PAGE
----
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In this installment of Q & Answers, we’re going to come up with a quick definition of, “What is Design Thinking?” For the last few years, Design Thinking has been taking the lead when it comes to how you solve problems within an organization. Like anything that gets popular, people wonder if it’s just popular or if it’s beneficial.
Luckily for you, Design Thinking is the real deal. It’s bonafide, like George Clooney in O Brother Where Art Thou? would say.
As Dr. Pavan Soni notes in his article, “Design Thinking is not old wine in a new Bottle,” there’s a quick, catchy way to understand what makes Design Thinking different:
Design Thinking is about finding an unknown solution to an unknown problem.
Organizations and companies sometimes don’t know what the root problem is. Knowing the specific issue is even tougher. Coming in with a pre-defined answer, piece of software, or innovation, doesn’t work when you don’t know what you’re fixing. In fact, it can sometimes make things worse.
Design Thinking is about getting people who will be using the solution what they need to solve the problem. You can’t do that before talking to those very people. You can’t do it without the audience, the user base, or some research and discussion first.
Tunnel-vision happens when the same people keep trying to solve the same problem. Design Thinking works because it brings exciting new perspectives on what a problem is, and what solutions can be, and focuses these on the problem.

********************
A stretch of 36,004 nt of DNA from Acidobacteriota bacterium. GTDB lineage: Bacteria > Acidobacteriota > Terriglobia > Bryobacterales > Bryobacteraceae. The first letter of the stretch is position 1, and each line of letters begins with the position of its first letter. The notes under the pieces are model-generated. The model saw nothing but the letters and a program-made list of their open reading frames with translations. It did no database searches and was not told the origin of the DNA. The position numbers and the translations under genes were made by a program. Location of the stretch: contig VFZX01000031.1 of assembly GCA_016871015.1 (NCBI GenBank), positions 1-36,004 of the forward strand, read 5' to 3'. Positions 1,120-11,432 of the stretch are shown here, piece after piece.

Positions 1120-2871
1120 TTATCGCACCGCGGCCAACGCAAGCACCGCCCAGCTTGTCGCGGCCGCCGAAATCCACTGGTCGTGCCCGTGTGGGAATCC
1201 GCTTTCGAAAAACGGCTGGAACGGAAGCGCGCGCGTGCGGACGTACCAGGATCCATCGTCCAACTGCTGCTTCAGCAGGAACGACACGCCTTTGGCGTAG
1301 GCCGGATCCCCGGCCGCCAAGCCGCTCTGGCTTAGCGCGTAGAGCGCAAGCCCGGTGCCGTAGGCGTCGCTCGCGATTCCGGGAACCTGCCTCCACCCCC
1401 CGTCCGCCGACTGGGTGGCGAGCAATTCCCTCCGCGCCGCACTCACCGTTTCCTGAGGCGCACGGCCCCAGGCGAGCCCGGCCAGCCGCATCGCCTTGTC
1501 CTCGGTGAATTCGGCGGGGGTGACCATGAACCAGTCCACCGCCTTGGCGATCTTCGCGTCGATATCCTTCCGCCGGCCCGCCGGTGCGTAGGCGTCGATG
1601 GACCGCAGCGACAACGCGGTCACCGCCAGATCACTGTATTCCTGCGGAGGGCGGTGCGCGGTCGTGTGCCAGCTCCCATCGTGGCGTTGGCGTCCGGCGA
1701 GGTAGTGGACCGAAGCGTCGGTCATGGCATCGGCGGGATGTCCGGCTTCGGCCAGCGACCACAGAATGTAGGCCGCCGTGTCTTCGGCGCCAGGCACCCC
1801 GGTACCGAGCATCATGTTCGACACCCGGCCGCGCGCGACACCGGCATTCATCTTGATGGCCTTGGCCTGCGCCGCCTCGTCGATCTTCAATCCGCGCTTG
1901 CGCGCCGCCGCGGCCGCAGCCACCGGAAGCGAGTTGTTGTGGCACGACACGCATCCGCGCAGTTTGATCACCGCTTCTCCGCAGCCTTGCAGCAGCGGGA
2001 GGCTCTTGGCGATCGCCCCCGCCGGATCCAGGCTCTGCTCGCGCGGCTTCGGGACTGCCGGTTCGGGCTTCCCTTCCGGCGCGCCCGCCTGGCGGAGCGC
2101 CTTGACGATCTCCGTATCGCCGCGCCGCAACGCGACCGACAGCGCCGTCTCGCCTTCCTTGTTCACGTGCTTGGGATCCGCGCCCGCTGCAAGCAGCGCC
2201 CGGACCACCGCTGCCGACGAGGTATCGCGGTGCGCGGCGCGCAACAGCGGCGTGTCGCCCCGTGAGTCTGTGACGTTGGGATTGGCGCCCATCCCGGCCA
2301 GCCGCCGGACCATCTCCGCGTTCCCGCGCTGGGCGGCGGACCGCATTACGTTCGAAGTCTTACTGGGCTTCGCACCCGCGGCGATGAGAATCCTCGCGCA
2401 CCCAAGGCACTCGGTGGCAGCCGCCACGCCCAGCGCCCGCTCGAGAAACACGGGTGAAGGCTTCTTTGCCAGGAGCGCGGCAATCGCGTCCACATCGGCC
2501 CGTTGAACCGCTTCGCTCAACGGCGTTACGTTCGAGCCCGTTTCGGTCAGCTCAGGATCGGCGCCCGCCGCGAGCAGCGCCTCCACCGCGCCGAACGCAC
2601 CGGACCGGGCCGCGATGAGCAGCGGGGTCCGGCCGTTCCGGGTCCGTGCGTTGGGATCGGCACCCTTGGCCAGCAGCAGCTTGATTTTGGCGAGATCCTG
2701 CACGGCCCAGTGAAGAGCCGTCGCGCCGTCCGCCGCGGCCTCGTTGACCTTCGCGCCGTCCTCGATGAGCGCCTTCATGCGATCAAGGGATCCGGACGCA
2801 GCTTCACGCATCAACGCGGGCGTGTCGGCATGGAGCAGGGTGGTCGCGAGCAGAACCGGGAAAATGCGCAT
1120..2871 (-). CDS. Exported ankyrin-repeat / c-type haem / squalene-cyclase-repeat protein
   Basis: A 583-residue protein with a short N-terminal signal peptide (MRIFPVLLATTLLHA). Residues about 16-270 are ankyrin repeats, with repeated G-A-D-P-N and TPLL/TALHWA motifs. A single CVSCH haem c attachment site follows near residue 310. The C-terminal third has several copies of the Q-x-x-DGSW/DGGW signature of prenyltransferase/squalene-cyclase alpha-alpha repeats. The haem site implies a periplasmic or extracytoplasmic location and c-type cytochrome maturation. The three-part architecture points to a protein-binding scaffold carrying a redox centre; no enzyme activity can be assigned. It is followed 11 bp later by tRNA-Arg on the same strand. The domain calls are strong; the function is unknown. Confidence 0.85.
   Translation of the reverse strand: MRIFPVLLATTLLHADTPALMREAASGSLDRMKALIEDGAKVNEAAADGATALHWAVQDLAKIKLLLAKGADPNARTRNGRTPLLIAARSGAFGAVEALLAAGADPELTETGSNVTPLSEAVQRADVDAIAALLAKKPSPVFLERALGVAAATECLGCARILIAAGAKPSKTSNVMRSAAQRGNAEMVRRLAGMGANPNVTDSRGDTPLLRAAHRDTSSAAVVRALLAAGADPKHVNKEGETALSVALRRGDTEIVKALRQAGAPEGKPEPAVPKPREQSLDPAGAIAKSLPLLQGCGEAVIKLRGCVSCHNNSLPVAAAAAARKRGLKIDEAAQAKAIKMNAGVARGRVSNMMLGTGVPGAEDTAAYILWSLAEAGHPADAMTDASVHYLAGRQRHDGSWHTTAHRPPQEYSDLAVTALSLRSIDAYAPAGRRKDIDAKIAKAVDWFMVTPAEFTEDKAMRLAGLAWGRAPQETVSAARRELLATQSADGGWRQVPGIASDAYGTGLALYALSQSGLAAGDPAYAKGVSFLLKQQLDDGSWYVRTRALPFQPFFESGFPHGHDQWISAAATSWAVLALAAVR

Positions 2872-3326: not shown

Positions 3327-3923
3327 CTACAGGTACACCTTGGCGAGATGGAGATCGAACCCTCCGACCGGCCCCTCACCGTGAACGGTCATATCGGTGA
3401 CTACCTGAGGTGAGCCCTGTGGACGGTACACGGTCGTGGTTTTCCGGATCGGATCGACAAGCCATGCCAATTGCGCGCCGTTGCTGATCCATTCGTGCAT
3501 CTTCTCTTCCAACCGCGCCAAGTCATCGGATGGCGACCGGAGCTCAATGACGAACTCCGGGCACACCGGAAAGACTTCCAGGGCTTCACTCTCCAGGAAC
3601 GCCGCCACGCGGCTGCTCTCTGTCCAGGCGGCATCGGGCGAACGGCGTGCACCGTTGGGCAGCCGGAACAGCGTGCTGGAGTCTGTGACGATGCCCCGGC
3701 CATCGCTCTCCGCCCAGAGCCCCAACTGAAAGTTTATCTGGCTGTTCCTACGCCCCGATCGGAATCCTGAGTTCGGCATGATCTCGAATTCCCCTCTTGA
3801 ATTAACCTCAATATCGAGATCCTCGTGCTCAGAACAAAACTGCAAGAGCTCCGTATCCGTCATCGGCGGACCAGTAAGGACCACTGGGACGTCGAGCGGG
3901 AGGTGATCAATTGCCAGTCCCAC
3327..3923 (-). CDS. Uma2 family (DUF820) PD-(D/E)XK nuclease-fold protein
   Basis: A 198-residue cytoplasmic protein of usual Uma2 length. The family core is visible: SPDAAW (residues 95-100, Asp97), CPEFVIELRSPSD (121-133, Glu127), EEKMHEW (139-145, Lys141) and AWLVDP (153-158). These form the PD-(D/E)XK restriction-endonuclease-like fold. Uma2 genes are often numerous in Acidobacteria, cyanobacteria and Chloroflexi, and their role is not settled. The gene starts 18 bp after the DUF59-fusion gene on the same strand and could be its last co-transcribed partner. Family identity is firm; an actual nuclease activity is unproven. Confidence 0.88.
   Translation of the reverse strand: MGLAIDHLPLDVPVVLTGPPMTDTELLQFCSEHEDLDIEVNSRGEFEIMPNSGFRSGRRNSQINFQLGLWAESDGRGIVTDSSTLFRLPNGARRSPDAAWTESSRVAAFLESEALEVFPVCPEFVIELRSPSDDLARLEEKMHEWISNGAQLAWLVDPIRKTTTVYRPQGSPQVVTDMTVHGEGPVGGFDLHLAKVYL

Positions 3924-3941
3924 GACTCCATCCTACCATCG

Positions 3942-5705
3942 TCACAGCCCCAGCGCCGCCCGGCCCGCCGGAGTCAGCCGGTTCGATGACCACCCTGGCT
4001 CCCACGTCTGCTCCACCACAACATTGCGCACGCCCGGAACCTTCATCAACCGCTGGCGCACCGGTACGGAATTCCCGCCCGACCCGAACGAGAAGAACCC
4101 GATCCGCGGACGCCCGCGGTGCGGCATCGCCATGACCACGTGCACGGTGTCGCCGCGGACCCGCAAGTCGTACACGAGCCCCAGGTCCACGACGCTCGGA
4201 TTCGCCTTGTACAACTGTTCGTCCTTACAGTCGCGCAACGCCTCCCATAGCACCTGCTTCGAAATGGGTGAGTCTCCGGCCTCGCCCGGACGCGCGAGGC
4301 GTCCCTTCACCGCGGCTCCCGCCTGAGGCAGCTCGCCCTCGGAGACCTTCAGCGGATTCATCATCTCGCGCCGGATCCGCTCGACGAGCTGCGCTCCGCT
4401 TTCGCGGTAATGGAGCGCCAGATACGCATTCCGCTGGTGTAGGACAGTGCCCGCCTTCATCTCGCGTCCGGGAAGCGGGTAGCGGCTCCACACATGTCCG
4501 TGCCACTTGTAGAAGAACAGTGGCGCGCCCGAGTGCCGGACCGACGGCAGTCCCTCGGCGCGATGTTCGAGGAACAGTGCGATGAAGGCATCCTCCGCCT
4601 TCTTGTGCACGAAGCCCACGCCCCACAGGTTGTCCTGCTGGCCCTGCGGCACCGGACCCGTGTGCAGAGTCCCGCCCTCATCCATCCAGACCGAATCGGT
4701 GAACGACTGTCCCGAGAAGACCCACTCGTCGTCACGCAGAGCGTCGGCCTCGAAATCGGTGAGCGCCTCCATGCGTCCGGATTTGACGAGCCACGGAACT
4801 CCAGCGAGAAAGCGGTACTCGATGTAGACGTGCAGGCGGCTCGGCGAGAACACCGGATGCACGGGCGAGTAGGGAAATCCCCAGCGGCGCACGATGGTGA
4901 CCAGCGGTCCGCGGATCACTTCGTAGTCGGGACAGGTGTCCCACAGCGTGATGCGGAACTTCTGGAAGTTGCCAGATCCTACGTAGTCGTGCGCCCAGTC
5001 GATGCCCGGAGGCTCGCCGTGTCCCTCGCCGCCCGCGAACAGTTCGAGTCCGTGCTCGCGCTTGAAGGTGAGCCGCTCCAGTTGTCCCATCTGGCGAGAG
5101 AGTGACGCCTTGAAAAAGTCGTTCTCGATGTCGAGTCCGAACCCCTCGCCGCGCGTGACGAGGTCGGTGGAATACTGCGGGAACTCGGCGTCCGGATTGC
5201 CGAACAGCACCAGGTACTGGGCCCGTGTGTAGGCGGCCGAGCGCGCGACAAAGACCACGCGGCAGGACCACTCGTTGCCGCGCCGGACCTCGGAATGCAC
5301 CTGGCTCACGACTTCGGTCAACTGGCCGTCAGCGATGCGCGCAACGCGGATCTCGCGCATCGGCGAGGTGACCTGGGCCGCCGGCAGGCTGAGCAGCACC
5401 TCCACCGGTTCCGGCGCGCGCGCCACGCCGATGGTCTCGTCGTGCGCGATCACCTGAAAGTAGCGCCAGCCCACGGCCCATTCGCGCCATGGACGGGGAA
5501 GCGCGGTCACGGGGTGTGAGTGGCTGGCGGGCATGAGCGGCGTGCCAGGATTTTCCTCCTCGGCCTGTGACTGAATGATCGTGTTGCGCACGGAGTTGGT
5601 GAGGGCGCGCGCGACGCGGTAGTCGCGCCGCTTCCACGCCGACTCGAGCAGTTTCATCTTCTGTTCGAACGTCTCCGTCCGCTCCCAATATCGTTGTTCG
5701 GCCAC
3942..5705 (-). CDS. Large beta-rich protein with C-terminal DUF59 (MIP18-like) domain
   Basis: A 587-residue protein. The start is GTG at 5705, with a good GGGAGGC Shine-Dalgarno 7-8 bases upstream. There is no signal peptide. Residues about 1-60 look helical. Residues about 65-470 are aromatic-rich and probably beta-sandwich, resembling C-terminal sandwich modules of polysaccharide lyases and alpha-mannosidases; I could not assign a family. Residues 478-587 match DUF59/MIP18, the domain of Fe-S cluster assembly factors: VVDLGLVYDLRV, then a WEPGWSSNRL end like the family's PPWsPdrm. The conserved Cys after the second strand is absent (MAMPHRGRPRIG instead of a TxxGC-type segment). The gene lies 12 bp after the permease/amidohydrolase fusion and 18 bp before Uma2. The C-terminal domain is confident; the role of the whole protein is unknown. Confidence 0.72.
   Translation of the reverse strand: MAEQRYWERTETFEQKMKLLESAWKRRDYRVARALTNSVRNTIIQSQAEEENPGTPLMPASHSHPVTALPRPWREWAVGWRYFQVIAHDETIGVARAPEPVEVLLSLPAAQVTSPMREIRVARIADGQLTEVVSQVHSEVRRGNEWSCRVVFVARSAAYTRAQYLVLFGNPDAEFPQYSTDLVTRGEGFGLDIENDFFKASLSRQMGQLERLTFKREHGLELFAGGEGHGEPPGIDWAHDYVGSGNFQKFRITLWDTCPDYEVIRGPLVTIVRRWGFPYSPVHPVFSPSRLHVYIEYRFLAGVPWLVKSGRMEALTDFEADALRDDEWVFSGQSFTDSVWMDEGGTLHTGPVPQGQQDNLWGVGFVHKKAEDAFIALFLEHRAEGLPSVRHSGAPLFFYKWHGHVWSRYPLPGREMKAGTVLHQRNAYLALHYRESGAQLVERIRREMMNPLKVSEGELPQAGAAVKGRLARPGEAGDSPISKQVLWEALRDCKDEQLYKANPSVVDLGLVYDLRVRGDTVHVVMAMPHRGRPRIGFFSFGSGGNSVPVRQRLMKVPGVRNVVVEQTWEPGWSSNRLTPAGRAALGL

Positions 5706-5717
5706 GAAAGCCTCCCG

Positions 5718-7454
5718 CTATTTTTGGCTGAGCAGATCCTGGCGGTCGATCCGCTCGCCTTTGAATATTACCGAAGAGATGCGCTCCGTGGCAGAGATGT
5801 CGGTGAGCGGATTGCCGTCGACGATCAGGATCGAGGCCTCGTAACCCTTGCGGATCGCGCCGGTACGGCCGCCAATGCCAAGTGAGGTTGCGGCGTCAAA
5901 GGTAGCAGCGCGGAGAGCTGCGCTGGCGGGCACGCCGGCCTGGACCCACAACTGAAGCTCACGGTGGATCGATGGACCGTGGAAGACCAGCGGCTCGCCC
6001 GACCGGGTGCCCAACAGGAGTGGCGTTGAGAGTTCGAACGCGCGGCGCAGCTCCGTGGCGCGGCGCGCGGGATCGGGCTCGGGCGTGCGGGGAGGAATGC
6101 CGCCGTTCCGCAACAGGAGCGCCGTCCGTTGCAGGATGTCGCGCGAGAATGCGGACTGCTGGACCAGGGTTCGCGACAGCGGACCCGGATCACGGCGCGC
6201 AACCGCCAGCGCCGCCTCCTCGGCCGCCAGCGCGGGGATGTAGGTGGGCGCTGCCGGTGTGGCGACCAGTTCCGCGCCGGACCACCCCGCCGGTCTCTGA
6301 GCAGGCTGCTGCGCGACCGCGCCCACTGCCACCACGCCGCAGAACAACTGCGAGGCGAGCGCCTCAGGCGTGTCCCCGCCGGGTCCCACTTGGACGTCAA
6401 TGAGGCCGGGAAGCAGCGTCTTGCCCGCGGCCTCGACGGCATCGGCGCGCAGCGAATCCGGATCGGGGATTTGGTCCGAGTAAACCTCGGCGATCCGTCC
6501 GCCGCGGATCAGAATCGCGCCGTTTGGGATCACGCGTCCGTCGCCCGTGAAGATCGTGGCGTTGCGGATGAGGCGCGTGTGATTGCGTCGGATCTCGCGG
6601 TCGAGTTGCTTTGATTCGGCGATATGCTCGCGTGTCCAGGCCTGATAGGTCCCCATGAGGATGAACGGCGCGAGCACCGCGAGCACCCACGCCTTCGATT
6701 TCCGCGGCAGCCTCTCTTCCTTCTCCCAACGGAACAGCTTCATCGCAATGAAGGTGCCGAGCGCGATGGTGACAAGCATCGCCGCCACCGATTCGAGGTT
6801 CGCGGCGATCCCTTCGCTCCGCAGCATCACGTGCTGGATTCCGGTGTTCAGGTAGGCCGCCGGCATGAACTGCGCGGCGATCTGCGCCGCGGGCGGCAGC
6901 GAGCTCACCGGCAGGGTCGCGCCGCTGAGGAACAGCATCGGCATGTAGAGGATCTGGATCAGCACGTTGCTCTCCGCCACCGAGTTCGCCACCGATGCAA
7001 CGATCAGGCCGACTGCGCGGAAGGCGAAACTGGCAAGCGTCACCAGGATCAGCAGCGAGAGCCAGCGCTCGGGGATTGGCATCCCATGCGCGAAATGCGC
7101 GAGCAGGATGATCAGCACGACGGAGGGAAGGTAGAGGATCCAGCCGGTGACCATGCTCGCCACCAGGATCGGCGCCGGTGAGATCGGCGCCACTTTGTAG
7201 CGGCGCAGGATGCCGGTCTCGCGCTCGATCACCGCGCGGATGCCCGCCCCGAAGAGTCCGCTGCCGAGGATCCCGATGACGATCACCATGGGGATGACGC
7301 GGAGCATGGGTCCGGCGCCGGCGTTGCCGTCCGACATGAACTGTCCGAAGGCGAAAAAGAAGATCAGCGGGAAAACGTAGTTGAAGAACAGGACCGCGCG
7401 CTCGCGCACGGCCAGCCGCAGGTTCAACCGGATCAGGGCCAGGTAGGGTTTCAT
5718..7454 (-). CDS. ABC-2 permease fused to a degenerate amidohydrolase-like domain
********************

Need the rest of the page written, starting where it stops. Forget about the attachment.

As we discussed in our recent post about Design Thinking Workshops, get a big cross-section of participants. VPs, Middle-Managers, Customer Service Reps, and everything in-between. Make sure the person who has the problem daily is there, as well as the person who feels the pain of the failure on a consistent basis. All will have different vantage points on what the real problem is. All will have different solutions they think will work best, from their own experiences.
Design thinking means having a champion with clout. Someone who can make the final decision or who has the status to convince the decision-maker. Having them involved means they understand why a specific problem and eventual solution came to be. Trying to convince them later, when they aren’t part of the shared activity, will be a really tough sales job.
Different experiences, both in work and in life, mean fresh perspectives.
Many (like, oh, so many) different models of Design Thinking exist. Rocksauce even has its own, which we have found works best for our clients. But, this is a primer, so we’re going to start with the most recognized and utilized model of Design Thinking: The Stanford Model
Understanding Design Thinking means understanding the users. That’s what these models help you accomplish. It’s about getting to the core issues. It’s about observing and responding.
Turn your problems into questions. “Our patients are leaving sicker than they came in,” is a problem. “Why are our patients leaving sicker than they arrived?” What is design thinking? Turning problems into action.
A question can be actioned upon. Questions inspire ideas, which generate answers, which become solutions or a cornerstone innovation, that are then put in front of users. Problems just sit on our shoulders, taking up our mental cycles, never erasing. Design Thinking helps break through some of this fog, and gets us to helping people achieve their goals.
Avoid demanding that the answer is an app everyone deploys. Keep from focusing on pushing your agenda of a new incentive program to increase the performance of employees. Resist the urge to roll out that fancy new SaaS solution you read about on ProductHunt this morning. Let the user and audience be your guide to building them what they need.
One of the big benefits of all this is innovation. Because now you’re thinking of things in a different way, you’re looking at your problems in a different way, and you’re hoping that things are working out in a better way.
Also posted on Medium.